There were no amenities on this beach unless you counted the ghostly frame of a concrete structure that stood not too far from the cove. Someone said it was supposed to have been a power house whose construction was halted for reasons not known to. It lacked a roof and doors but it did afford some privacy for small children who might have to do what was then referred to as Number Two. Its distance from where we played and a constant breeze kept it from becoming a smelly nuisance. As for Number One, we all peed in the bay. Old-time beachgoers had many theories about the power of salt water. One was that it worked like an antiseptic and that the pee would mingle with the brine and would dissipate before it ended up in Alameda on the other side of the bay. Another theory was that you should not wash off salt water before you got home or you’d catch a cold. According to this theory, the salt covered the pores and protected you from germs. It may have been true because I don’t remember being subject to colds.

We left the beach when the tide was on its way out. Our bathing suits, worn under our clothes, were damp and itchy. And there was the afternoon westerly. To keep us from quarreling, my mother invented diversions. One was a stop at the house of my best friends’s aunt, Mrs. Jessen, at the beach end of Gilman. In her backyard was a large, free-standing wire cage which housed her pet monkey. The cage was fitted out with tropical plants and perches. We loved watching the monkey’s antics. Another was a walk to Candlestick, up the east side of Black Mountain. Halfway up the hill, in a grove of trees facing the bay, were three swings, adult- sized ones. Who put them there was a mystery. We never saw anyone else use them. For us it was a thrill to stand on the swing’s seat, pumping hard. The trees and the ground disappeared. We felt the thrill of flight as we flew out over the bay..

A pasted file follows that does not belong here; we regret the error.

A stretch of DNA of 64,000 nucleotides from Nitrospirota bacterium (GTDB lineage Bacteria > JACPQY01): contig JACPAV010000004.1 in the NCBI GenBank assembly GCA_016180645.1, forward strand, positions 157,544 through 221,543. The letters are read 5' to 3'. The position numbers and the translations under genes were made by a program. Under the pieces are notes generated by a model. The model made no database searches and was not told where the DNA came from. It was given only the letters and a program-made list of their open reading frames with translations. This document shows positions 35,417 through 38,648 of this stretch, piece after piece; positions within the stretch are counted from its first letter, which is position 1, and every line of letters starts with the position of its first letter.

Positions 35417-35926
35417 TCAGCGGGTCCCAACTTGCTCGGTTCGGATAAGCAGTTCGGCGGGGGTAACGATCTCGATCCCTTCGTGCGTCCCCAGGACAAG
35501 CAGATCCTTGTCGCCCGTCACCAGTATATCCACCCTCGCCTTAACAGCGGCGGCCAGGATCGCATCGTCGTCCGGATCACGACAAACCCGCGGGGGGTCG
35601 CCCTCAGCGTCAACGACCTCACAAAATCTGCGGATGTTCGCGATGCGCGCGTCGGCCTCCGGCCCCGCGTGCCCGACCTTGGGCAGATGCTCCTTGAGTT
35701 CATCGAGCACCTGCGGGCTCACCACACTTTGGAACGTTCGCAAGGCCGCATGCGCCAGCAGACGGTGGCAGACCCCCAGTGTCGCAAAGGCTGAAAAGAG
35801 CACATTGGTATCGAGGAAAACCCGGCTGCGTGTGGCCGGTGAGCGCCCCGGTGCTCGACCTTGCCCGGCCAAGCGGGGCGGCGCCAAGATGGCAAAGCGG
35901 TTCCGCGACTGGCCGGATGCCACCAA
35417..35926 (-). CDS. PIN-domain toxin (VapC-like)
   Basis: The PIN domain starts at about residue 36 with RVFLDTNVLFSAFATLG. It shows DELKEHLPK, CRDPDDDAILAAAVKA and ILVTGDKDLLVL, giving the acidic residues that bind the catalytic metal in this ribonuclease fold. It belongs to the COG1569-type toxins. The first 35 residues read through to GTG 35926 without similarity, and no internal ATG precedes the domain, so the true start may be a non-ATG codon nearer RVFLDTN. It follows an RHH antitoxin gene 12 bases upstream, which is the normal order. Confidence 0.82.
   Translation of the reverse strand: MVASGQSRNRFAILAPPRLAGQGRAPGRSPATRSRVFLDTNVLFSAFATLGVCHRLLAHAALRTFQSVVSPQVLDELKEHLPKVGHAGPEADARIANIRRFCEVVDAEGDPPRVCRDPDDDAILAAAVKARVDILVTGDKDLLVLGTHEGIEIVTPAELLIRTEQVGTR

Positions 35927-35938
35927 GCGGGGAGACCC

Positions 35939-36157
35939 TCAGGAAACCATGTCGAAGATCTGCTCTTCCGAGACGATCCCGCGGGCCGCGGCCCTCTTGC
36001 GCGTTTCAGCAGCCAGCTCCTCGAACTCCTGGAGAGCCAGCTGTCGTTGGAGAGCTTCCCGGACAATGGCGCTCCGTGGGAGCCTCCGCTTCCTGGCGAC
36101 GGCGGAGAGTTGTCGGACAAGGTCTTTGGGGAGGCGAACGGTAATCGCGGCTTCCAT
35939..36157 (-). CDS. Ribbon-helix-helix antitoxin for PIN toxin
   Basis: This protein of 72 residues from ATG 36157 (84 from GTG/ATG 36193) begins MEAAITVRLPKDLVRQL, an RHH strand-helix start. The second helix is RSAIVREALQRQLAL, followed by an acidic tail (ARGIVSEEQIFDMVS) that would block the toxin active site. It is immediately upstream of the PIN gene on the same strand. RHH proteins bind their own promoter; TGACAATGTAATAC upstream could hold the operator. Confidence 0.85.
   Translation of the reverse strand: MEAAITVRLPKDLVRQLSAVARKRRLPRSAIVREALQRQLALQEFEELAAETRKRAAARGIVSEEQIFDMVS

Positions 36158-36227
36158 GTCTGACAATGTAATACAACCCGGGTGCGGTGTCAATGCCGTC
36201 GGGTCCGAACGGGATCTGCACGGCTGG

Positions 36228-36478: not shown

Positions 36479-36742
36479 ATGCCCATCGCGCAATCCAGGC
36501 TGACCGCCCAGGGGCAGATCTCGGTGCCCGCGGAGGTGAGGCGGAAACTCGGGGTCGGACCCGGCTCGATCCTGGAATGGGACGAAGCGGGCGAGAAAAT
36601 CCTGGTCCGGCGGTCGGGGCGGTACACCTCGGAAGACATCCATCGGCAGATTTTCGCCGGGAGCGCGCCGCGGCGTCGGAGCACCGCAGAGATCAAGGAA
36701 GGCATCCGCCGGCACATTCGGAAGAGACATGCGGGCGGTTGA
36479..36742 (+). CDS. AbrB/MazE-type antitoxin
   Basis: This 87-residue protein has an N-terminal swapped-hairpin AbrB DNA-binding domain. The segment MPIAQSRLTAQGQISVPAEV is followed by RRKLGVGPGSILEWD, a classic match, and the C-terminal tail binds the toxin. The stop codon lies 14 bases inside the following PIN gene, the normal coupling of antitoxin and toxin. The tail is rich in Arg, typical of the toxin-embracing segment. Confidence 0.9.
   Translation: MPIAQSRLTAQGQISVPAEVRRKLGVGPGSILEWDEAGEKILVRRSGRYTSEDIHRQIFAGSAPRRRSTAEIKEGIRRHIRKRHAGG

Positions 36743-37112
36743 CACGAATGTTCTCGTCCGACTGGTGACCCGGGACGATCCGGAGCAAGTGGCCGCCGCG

Except for hearing of the tragedy of a boy who broke his neck as a result of diving off the wharf at low tide, there were no dramatic moments. We went from skinny little girls who didn’t care what we wore, our wet hair stringy, plastered to our heads, oblivious of the resemblance to drowned rats, to our adolescent years when we became conscious of the boys. I was embarrassed by my black woolen suit with its high back when I saw other girls in the latest low-cut suits. To accommodate me my mother altered it creating a scooped back that gave it a modern look. Years later I found a wool tank suit at Roos Brothers that was an up-to-date version of it. I wore it until it disappeared when my luggage was stolen at the airport in Puerto Vallarta.

As for the boys, a family of five brothers, the Boehle boys, blond, tall, good-looking, masters of the diving board , attracted our admiration. But they paid no attention to us, instead concentrating on jumping off the board, climbing back on and repeating it until the tide started to go out.